The NJ Cannabis Regulatory Commission (NJCRC) awarded 79 adult-use cannabis licenses and discussed some of their future plans.
They did so today, July 28th, Peruvian Independence Day.
“All these applications were found to be complete, scored sufficiently high. We have 79 applications approved for recommendation here,” NJCRC Executive Director Jeff Brown said.
He noted they are all Social Equity or Diversely Owned.
NJCRC Chair Dianna Houenou noted they were going to approve 81, but a few technical issues needed to be fixed, so only 79 cannabis licenses were reviewed and deemed worthy in time.
The winners are as follows:
Cannabis License Winners
As depicted, a range of cultivation, manufacturing, and adult-use cannabis dispensary licenses were approved. Many were micro-businesses which are supposed to help small businesspeople secure cannabis licenses.
They were approved 5-0.
“We’ve only had conditionals to approve as we are still working through the lion’s shares of applications,” Brown explained. “We do anticipate to get to under 90 days on conditional review and have for some.”
He noted that the annual process is longer since conditional license applications have a two-part process. Those doing well need to have their finances examined and their fingerprints documented. After winning both types, final approval is needed for both.
Brown said 1,182 applications had been submitted. Only 64 were not given priority review, and 284 applications were completely unread.
“I myself am reviewing applications when I can. We are devoting the resources needed to get through that initial rush,” he said. “If you haven’t heard yet, you will hear soon.”
There was one operational permit issued among the 44 medical license winners last year thus far.
“We are making tremendous progress on that front too,” Brown said.
The new cannabis industry rules are being published online on Monday, August 1st. Public comment on the rules also opens on Monday.
NJ Cannabis Regulatory Commission OKs Adult-use Expansion
More medical cannabis dispensaries that are vertically integrated Multi-State Operators (MSOs) not based in New Jersey were approved for adult-use cannabis sales. Columbia Care had their second cultivation facility’s adult-use cannabis approved, and Verano Zen Leaf’s location in Neptune in Monmouth County was approved.
Columbia Care was approved 4-1.
“Expanded ATCs should be abiding by the reporting requirements. This is critical information to us. We strongly look forward to working with you to the equitable and adviser commitments that you shared in your expanded use applications,” Commissioner Charles Barker said.
Verano Zen Leaf was approved 3-2, with Barker and Commissioner Krista Nash against them.
Houenou said the September meeting would be in person. She did not note whether it would be a hybrid meeting or in-person only.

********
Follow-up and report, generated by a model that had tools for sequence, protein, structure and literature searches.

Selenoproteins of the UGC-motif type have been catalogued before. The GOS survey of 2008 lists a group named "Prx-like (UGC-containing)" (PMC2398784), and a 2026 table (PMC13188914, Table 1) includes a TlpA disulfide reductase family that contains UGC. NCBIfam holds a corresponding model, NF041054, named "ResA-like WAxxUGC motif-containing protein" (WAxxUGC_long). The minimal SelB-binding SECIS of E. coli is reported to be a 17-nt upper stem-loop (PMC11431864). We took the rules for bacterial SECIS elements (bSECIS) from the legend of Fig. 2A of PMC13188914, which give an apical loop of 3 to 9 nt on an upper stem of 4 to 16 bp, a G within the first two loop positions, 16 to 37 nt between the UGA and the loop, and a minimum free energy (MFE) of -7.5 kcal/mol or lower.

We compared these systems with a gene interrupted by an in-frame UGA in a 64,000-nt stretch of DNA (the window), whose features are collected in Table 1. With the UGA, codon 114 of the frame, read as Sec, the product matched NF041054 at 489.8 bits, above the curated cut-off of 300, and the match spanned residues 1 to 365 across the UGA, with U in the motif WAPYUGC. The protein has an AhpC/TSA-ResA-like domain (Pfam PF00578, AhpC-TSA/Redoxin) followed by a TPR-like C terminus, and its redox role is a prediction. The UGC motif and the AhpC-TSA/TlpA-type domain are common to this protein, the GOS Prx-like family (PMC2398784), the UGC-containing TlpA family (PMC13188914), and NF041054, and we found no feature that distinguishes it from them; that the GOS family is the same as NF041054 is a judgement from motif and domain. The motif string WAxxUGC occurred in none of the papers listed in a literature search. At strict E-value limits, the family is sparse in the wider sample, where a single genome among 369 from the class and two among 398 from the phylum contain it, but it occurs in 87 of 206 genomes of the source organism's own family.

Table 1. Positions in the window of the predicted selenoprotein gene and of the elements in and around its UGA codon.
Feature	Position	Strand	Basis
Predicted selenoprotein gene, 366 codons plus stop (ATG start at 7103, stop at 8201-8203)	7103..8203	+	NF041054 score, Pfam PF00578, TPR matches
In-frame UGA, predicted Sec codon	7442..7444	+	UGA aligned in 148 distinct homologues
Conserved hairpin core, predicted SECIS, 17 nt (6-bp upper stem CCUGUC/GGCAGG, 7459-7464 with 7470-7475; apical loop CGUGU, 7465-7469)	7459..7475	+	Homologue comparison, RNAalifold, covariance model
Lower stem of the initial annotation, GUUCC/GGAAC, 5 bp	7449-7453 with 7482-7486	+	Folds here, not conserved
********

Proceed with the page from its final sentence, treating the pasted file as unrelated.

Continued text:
There is no Cannabis Regulatory Commission meeting scheduled for August.
She also said draft rules for consumption lounges and edibles are forthcoming, along with guidance on workforce impairment.
“That guidance is still under legal review. We know there is a tremendous amount of interest in these three areas,” Houenou said.
It was not clarified whether they would be among the rules revealed on Monday.
Medical Cannabis Company Moves and Names
Brown said that the medical license winner Circe Therapeutics wants to move from Pennsauken to Collingswood, both of which are in Camden County. In addition, Community Wellness Center wanted to move within Jersey City. Honey Grove South Corporation also wanted to move a location from Sicklerville in Camden County to Gloucester Twp. in Camden County.
Name changes were also approved. The Law Office of Juliana Diaz will be changed to Sweet Spot Dispensary LLC. Greenhouse Wellness of New Jersey will be changed to Brute’s Roots LLC. Community Wellness Center of New Jersey was renamed RIPT, and JG New Jersey will be renamed BLOC.
“They’ve met all the regulatory requirements,” Brown said.
It was approved 5-0.
Home Delivery of Medical Cannabis
“This is a proposed waiver of administrative code,” Houenou said.
The Jake Honig Act of 2019 officially allowed medical cannabis home delivery.
“It takes previous waivers… that were originally developed and issued in 2020… and streamlines and extends them in perpetuity. We propose to make this permanent,” Brown said.
They also wanted to reduce the cost of medical cannabis patient registration.
It was approved unanimously 5-0.
They also reduced the fee from $100 to $50 every two years. This waiver would further reduce the registration cost. Only seniors, veterans, and those on welfare are eligible for discounts.
“Consider um expanding the edible options for patients. We can surely consider a waiver for patients,” Barker.
He said it would help patients better consume their medicine.
However, Houenou explained it was not the time to do so.
The rule waiver passed 5-0.